Every person on earth has mental health and we all can encounter mental health challenges, no matter what our background or social status. Regrettably, the odds for mental wellbeing are not equally distributed and this unequal allocation of threat to our mental health is what we call mental health inequalities.
The probability of encountering a mental health challenge is affected by our genetic composition, and by the circumstances in which we are born, grow up, live and mature.
It has been proven that groups of people who face the greatest disadvantages in life also face the biggest risks to their mental health.
In this article we will be looking at how economic inequalities influence mental health.
Economic Influences on Mental Health
The trauma and social challenges attached to poverty, hardships and financial commitments can lead to mental health problems or worsen existing trials and hinder recovery. Poverty and debt are also often tied to schooling, which is crucial to people hoping for good employment opportunities and reaching wider life goals. Education inequality can start at a very early age because children are prepared for future communication, social and emotional challenges by getting a pre-school education which due to financial lack and poor infrastructure is not available to all. This causes a growing disadvantage in education that has a long-term effect into later life.
Living in poverty/debt
Numerous health studies found that people in the lowest socioeconomic class have the highest risk of developing mental health problems. There is some indication that debt has a negative impact on mental wellbeing similar to that shown for marital breakdown and job loss. The risk of economic hardship to mental health starts early in life as socioeconomically underprivileged children are two to three times more likely to develop mental health problems.
Employment and unemployment
Employment is one of the most clearly proven effects on mental health. Being employed can be an essential component in personal contentment, creating independence, pride and self-confidence.
In opposition, the lack of employment, or employment of good quality, can reduce quality of life, social status, self-esteem and fulfillment. Unemployment or a job loss has a traumatic and immediate negative impact on mental health and there is further damage when unemployment continues into the long term. Once someone has a mental health problem, they can face considerable obstacles to re-entering the job market.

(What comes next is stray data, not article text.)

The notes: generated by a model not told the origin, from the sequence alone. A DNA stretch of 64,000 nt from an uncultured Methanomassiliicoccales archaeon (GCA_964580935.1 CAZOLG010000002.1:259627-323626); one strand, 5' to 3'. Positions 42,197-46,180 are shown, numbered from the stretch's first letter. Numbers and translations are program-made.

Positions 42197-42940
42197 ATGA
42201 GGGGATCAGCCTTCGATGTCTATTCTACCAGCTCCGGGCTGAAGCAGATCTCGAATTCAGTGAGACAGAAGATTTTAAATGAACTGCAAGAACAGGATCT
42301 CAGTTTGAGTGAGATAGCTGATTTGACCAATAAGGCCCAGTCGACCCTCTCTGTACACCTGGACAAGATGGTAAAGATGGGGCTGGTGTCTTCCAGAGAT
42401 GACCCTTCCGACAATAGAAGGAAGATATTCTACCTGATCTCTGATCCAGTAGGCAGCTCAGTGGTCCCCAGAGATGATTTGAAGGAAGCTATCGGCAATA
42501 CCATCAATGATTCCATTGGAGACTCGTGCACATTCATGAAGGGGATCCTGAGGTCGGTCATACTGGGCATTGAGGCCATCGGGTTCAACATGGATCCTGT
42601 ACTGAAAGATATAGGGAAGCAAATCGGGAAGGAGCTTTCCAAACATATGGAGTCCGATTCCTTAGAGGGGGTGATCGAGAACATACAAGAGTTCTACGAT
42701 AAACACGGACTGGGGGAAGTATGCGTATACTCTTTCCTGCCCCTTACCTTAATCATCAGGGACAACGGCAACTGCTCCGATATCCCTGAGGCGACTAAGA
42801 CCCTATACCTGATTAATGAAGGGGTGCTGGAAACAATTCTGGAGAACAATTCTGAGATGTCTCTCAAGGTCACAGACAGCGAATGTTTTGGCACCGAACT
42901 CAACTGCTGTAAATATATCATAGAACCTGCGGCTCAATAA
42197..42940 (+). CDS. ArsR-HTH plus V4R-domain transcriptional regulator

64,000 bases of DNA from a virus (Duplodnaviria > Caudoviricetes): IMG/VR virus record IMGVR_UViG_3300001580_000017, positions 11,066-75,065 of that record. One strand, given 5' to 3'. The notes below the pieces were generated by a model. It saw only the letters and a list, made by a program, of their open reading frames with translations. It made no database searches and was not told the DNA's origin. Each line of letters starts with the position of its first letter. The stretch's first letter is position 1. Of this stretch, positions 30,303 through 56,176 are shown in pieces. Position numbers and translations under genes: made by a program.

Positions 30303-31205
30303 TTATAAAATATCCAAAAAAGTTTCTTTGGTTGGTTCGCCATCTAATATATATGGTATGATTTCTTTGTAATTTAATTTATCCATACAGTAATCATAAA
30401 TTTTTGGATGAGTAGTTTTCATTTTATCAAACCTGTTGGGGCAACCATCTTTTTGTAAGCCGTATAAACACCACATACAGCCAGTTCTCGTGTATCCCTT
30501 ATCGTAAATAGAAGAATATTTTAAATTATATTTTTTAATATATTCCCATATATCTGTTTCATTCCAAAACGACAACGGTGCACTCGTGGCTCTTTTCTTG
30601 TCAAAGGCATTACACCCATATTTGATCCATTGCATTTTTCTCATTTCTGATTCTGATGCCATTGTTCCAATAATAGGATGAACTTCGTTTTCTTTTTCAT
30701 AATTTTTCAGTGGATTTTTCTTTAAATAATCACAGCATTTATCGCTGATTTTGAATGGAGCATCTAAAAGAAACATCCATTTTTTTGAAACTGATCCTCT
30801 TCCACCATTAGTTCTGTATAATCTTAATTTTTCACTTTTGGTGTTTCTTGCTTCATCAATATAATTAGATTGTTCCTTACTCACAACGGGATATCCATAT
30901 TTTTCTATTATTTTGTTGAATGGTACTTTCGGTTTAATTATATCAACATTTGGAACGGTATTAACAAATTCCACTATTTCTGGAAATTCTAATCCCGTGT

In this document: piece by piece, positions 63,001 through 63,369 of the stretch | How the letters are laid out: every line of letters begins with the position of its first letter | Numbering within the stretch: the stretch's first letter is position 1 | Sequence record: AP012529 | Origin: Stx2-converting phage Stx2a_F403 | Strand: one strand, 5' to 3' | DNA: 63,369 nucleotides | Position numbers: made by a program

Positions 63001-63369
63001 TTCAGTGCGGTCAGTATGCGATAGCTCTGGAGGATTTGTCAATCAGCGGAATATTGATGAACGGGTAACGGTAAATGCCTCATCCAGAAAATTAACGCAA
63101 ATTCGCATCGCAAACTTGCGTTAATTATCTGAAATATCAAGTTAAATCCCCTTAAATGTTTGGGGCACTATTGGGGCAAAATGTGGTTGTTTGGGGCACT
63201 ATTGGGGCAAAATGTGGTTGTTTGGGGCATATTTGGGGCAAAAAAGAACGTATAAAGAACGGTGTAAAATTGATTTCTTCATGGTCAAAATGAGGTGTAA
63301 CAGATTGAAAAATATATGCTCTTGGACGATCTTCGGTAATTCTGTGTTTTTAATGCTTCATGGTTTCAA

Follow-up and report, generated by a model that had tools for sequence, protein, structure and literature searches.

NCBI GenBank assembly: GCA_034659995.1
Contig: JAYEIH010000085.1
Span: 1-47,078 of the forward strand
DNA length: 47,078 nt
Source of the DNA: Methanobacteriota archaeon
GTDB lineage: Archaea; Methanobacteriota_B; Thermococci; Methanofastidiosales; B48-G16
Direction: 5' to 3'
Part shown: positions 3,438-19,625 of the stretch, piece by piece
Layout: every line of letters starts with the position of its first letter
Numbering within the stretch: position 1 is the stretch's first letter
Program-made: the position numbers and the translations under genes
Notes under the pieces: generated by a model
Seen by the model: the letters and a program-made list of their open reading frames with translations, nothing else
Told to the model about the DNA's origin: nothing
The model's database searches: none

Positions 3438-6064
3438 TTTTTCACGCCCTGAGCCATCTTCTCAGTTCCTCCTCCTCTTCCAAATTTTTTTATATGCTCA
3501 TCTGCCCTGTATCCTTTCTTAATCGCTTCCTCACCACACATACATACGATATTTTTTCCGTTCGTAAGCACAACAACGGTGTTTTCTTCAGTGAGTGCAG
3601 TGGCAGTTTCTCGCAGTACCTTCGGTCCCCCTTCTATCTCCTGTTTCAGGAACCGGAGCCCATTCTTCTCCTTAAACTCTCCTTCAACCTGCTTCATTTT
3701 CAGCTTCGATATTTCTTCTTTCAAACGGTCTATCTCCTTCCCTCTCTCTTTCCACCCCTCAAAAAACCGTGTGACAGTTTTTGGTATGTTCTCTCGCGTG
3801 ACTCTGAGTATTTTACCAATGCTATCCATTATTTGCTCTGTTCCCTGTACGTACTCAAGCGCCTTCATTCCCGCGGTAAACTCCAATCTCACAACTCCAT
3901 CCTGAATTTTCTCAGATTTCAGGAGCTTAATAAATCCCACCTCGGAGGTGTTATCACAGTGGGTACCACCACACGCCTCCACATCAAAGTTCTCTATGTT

While being employed is valuable to mental health, the conditions of employment also matters. Poor-quality work is associated with lower mental wellbeing. Less job security, low income or lack of fulfillment within a position can also negatively affect mental health.
The mental health “cause-and-effect” cycle within the job market is complex and very closely related to mental wellbeing.
Lack of scholastic success has been linked with mental health problems in later life. Women with fewer or lower learning achievement and lacking adequate reading ability are at five times more risk of depression than those with average or good literacy proficiencies.
Education “drop-outs” has also been associated with substance abuse, mood disorders and suicidal thoughts.
The World Health Organization (WHO) has identified several risk factors for mental health within an educational context, including:
• Failure to provide an appropriate environment to support attendance and learning.
• Inadequate or inappropriate provision of education to assist those that require additional support.
• Academic failure.
There is strong evidence that students who have experienced school-age discrimination, abuse, victimisation or witnessed/experienced bullying will have an increased risk of experiencing a mental health problem. Evidence supports a contributory correlation between exposure to bullying and victimisation in children with detrimental mental health outcomes including anxiety, depression, poor mental health, poor general health, non-suicidal self-injury, suicidal fascination and suicide attempts.
Economic influences are one of the factors that place individuals at heightened risk of developing mental health problems, HealingLeaves focusses on assisting children who have experienced trauma due to economic influences. Please contact us to find out how we can help or how you can get involved.
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